This comic claims to be a meta-alignment chart, where nine "alignment charts" are themselves sorted into the nine Dungeons and Dragons alignments, following the use of alignment charts to humorously classify abstract concepts. However, these "alignment charts" are mostly diagrams used in academic classifications, which are being treated as if they were blank meme templates. There are two levels of absurdity here: first, the idea of using these technical scientific diagrams to classify things they were never intended to, like fictional characters or how people bag their bread, and second, the conflation of chaos as a physics concept and an assigned moral weights as it applies to each of these classification systems.
|Lawful Good||Soil chart||This chart shows the USDA classification of soil types by their relative proportions of sand, clay and silt. The chart is a ternary diagram (very common in geology), so soils with more clay plot towards the upper corner, soils with more sand to the bottom left, and soils with more silt to the bottom right. This chart has been used humorously as an alignment chart (for example) and may have been the inspiration for Randall to use scientific diagrams as alignment charts. In addition to being Lawful Good, this grid cell is also the upper left cell of the chart and will be read first, making it a good place to put this chart as a "jumping off point".|
|Neutral Good||Punnett square|| (quote from wikipedia article, but should have been obvious. Oh, yeah - we're all tech nerds, not biologists!) "The Punnett square is a square diagram that is used to predict the genotypes of a particular cross or breeding experiment. It is named after Reginald C. Punnett, who devised the approach. The diagram is used by biologists to determine the probability of an offspring having a particular genotype. The Punnett square is a tabular summary of possible combinations of maternal alleles with paternal alleles. These tables can be used to examine the genotypical outcome probabilities of the offspring of a single trait (allele), or when crossing multiple traits from the parents. The Punnett square is a visual representation of Mendelian inheritance. It is important to understand the terms "heterozygous", "homozygous" …” These refer to the pairs of alleles in an organism’s genotype, indicating mixed or same alleles, respectively. Randall later uses “heterozygous” in the title text. Note that it is possible for a phenotype to be expressed the same between some heterozygotes and homozygotes, e.g., persons with genotypes heterozygous ”Ao” and homozygous “AA” will both express blood type A.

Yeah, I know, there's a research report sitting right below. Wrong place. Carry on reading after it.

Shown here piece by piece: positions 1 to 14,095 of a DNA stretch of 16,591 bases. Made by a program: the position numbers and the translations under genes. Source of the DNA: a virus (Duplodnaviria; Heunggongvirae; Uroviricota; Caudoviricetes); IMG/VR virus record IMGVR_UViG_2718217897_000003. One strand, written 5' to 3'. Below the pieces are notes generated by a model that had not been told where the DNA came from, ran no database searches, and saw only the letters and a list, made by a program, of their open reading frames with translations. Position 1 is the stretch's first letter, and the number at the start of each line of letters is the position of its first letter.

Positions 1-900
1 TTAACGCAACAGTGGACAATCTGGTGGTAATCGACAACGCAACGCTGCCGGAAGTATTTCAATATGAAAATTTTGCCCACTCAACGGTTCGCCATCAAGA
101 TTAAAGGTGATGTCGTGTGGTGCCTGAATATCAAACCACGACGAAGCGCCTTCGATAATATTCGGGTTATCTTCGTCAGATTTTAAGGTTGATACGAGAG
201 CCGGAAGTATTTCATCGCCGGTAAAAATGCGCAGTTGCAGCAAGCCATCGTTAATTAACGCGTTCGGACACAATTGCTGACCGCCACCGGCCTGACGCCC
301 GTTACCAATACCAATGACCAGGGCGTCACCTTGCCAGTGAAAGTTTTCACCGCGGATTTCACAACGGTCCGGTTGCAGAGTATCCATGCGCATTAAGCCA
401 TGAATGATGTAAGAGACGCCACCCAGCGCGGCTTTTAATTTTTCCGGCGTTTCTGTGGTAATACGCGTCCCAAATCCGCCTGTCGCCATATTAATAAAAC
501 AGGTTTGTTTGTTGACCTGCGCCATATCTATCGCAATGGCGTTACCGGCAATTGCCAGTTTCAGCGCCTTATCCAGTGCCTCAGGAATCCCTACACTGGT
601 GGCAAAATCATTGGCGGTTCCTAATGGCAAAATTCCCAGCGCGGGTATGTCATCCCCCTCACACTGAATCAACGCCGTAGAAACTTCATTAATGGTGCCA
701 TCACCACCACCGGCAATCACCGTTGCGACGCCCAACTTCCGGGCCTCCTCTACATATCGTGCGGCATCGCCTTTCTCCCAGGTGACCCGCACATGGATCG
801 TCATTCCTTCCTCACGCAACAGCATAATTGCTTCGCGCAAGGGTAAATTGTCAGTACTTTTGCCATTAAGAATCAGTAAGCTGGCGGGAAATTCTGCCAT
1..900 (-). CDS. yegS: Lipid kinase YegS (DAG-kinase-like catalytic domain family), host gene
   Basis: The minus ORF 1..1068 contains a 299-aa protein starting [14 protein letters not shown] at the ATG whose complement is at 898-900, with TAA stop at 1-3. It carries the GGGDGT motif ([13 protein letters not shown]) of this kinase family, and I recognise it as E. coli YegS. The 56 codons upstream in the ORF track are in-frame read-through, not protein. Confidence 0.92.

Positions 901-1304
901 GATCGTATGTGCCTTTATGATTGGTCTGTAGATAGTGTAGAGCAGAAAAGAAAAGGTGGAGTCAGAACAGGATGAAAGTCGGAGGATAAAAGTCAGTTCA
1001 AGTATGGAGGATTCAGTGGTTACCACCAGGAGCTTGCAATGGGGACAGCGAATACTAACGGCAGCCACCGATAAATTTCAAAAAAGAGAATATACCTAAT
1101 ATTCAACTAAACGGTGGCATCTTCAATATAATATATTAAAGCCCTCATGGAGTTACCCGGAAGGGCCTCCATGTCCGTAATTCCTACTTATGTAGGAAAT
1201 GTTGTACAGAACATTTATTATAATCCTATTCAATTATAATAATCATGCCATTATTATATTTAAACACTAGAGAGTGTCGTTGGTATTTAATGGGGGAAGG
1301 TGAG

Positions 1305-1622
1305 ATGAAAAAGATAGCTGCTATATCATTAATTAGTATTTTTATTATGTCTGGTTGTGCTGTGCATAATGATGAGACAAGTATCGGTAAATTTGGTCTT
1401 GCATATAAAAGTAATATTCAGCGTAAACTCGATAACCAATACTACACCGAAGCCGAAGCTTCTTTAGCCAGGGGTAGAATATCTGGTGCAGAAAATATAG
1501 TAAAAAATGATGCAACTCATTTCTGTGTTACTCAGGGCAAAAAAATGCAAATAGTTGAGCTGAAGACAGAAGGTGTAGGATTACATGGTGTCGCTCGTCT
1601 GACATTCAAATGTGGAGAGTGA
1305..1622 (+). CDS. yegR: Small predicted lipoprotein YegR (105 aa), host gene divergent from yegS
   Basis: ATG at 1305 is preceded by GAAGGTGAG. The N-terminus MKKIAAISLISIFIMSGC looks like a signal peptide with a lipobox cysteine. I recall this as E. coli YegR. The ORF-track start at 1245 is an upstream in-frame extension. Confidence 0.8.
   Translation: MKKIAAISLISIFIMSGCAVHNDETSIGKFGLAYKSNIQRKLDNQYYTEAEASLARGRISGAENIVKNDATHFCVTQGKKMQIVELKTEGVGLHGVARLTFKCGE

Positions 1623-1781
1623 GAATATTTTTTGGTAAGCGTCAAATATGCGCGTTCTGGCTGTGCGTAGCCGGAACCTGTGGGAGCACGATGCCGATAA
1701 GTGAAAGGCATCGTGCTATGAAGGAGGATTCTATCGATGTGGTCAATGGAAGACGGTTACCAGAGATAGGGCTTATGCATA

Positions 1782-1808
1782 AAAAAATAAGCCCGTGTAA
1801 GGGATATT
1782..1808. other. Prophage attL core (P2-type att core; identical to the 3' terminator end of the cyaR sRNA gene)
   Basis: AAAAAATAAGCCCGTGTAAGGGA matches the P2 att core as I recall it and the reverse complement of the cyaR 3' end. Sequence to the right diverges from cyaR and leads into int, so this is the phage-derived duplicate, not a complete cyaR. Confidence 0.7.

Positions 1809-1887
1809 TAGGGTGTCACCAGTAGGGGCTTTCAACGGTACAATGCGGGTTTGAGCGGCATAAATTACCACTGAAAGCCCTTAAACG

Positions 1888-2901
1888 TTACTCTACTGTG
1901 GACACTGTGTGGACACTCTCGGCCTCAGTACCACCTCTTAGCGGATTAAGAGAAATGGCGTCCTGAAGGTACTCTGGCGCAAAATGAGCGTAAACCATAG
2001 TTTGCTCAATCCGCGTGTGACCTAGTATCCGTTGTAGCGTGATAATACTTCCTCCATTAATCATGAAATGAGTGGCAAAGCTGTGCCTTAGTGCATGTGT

So, the Punnett Square is a good chart because it is both a simple and true geometric predictor of inheritance, but it tends to neutral because of complicating factors such as polygenic inheritance; these and other factors will cause genotypic frequency to deviate from expected 1:2:1 patterns.
|Chaotic Good||IPA vowel chart - ||This chart shows the relationship between different vowels according to the International Phonetics Alphabet. As different vowel sounds are created by changes in different parts of the mouth, it can be considered chaotic.|